Another example of enhancing equity in city services stems from a much more serious set of circumstances. No city wants firsthand experience dealing with a terrorist event, but the reality today is that all communities must prepare for one. Before Martin’s appointment as Boston’s chief resilience officer, she was director of the office of public health and preparedness at the Boston Public Health Commission, a role she held at the time of the Boston Marathon bombing in April 2013. That tragic day in Boston’s history is still providing lessons about resilience for the city’s inhabitants, says Martin.
On that day, the quick and coordinated actions taken by first responders, law enforcement, emergency managers, hospital personnel, and good Samaritans along the race route were all the city could have hoped for in the midst of such a tragedy. The weeks following likewise provided numerous lessons about the importance of making resilience habitual, says Martin.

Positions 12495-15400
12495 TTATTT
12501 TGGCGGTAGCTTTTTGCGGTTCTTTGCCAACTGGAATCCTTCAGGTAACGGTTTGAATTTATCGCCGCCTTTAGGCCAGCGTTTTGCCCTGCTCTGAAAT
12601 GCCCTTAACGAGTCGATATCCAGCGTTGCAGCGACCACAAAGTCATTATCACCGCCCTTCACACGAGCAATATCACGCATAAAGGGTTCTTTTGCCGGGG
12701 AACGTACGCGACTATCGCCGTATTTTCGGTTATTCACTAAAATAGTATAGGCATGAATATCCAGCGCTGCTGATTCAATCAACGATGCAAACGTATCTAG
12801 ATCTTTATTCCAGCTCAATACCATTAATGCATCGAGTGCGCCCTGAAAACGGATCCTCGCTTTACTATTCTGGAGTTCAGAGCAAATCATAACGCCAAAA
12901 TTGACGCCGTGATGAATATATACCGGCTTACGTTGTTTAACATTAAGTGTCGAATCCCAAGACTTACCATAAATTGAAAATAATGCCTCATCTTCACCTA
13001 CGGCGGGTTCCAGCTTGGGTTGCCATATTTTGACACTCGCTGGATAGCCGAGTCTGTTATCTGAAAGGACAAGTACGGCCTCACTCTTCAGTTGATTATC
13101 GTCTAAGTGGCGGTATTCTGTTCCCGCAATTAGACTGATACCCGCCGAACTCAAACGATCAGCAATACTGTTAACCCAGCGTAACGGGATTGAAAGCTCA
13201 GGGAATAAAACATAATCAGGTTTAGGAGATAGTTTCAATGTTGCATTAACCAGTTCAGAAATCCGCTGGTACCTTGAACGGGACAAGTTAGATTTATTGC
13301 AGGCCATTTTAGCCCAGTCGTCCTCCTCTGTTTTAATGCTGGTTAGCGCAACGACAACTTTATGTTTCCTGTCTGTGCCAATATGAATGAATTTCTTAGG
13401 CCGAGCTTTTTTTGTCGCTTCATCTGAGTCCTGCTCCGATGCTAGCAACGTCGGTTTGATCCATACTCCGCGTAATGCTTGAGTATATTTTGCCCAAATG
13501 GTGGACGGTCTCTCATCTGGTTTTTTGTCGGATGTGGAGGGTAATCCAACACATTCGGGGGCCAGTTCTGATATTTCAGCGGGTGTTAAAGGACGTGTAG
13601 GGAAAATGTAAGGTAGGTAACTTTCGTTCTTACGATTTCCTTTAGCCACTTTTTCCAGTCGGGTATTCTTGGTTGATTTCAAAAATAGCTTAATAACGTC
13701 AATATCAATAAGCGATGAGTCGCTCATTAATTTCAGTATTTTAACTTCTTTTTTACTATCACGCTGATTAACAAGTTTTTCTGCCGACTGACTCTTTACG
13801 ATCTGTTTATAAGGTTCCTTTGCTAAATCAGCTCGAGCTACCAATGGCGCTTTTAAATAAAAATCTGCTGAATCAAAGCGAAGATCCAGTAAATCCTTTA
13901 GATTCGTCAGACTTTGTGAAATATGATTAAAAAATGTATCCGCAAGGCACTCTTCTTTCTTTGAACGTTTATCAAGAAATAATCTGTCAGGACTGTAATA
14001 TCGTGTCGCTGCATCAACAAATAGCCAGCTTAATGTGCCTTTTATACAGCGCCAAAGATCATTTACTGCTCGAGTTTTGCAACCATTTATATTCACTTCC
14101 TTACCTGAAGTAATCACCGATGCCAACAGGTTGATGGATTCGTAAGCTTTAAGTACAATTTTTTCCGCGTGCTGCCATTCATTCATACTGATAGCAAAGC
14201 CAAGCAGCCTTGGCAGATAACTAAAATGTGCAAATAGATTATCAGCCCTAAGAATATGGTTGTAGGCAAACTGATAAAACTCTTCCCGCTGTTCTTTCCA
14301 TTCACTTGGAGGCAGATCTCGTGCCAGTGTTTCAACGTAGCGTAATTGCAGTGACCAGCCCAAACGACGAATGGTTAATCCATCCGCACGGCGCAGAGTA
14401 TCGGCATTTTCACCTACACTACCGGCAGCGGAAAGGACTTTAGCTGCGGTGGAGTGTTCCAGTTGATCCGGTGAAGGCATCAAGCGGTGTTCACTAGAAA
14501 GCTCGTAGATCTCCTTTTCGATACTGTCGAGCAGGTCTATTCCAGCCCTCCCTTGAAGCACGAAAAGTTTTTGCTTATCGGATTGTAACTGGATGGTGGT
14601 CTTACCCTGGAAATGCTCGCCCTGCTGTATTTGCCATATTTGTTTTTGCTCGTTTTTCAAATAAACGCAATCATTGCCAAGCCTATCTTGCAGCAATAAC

- Rally mental health resources. Chief among those lessons is the importance of a robust mental health support system. Emotional recovery efforts for survivors and family members and for city residents traumatized by the event were every bit as important as restoring routine business operations to daily life, says Martin. But, the aftermath of the event also revealed a gap in normal routine daily life with regard to the city’s public health support system. “With the bombing, all these resources were coming in to support survivors. Yet, two months after the bombing, we had 50 separate shootings across various parts of the city,” says Martin. “We couldn’t escape the comparison of the resources expended for victims of the bombing versus victims in the neighborhoods where these shootings had taken place, and this created a lot of frustration within some of our communities that were literally crying out for help,” says Martin.